European football expert claims Chelsea target may consider leaving West Ham – originally posted on Sportslens.com
Declan Rice has been tipped to consider moving to a club who can offer him Champions League football.
The 22-year-old has established himself as an integral part of West Ham United’s midfield over the past few seasons, sparking links with the likes of Chelsea and Manchester United.
European football writer Tom Williams believes that Rice will stay at West Ham in the short-term, but has predicted that he will soon start thinking about moving elsewhere.
“The thought of Rice moving to a different club, it feels like he’s approaching that stage of his career,” he told the Sky Sports Transfer Talk Podcast.
“He’s an England international, he could well be a starter at the Euros this summer, he’s already got 118 Premier League games behind him, proven he can play at the highest level and is emerging into a proven England international.
“It’s natural that the players finding themselves in that sort of position at the age he is start to think ‘what would Champions League football be like?’ – you want to test yourself against those sorts of players.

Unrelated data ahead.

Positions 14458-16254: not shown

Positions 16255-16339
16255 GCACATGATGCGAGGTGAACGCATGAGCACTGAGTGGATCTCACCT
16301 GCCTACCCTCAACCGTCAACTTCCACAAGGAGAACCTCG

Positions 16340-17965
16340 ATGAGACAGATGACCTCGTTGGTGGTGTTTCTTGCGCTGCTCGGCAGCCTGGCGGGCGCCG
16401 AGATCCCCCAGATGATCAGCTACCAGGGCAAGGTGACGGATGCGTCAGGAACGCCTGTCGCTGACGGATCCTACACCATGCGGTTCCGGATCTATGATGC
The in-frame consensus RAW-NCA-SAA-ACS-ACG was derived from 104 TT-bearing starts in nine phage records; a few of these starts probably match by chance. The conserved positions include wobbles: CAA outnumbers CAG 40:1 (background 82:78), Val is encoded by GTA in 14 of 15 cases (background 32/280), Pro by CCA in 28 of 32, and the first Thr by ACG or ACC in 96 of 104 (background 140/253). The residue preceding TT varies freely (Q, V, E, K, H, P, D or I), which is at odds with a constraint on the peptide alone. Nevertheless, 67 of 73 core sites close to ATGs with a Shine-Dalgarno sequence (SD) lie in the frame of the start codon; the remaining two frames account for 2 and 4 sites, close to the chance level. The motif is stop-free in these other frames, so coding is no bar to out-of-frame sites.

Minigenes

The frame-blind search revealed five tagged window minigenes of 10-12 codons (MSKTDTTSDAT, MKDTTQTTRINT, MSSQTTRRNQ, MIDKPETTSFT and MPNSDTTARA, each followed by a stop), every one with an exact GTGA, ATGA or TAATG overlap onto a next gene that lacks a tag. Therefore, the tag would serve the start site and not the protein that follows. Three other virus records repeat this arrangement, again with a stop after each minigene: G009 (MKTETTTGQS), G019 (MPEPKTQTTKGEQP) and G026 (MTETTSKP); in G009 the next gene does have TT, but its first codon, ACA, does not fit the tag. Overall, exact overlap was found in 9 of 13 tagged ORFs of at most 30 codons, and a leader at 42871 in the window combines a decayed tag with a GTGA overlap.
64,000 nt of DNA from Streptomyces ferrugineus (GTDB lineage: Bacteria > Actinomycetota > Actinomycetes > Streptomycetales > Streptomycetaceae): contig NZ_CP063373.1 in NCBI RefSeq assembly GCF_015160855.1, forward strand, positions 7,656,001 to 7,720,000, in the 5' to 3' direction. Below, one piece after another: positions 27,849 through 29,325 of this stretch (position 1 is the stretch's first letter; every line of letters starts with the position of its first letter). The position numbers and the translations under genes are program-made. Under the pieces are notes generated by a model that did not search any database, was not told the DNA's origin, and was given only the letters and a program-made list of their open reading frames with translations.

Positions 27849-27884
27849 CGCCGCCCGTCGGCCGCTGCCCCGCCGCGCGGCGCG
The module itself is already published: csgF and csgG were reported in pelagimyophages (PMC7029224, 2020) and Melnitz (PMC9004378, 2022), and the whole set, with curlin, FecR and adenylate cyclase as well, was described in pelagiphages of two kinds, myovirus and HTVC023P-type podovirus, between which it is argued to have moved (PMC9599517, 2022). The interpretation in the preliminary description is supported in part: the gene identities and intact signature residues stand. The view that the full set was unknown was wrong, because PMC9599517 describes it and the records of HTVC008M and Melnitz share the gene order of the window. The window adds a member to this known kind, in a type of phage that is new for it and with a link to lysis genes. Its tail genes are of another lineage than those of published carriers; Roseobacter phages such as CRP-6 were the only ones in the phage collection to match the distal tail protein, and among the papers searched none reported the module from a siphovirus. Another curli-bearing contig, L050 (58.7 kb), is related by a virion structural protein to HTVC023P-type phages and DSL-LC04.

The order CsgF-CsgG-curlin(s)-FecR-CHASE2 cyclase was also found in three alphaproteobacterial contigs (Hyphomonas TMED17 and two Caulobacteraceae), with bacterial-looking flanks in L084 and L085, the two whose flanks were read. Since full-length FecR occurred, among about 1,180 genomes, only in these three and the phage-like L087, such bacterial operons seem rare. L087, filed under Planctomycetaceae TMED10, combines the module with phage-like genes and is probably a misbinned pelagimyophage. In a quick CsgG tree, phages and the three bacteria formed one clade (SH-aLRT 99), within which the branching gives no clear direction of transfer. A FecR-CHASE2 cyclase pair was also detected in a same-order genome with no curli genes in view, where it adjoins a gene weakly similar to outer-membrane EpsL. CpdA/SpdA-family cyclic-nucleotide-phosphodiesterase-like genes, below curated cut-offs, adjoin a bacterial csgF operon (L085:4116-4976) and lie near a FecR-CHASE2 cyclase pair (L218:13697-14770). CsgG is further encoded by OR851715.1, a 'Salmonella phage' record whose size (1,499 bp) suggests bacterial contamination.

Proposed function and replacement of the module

“With the run that West Ham are going on at the moment, maybe they think Champions League qualification is a possibility for them this season, but I think at some point if he continues on this current trajectory, that will be the conversation that he’ll start having with himself and the people around him.”
Rice has played a key role for West Ham this season, helping the club mount an unlikely challenge for European qualification.
He was strongly linked with a move to Chelsea, but Frank Lampard’s sacking as manager may have scuppered his hopes of moving to Stamford Bridge.
A more likely destination for Rice may well be Man Utd, particularly with Nemanja Matic approaching the latter stages of his career.
However, the rumoured £80 million fee for Rice could make it difficult for any club to prise him away from West Ham.
From Sportslens.com – Football News | Football Blog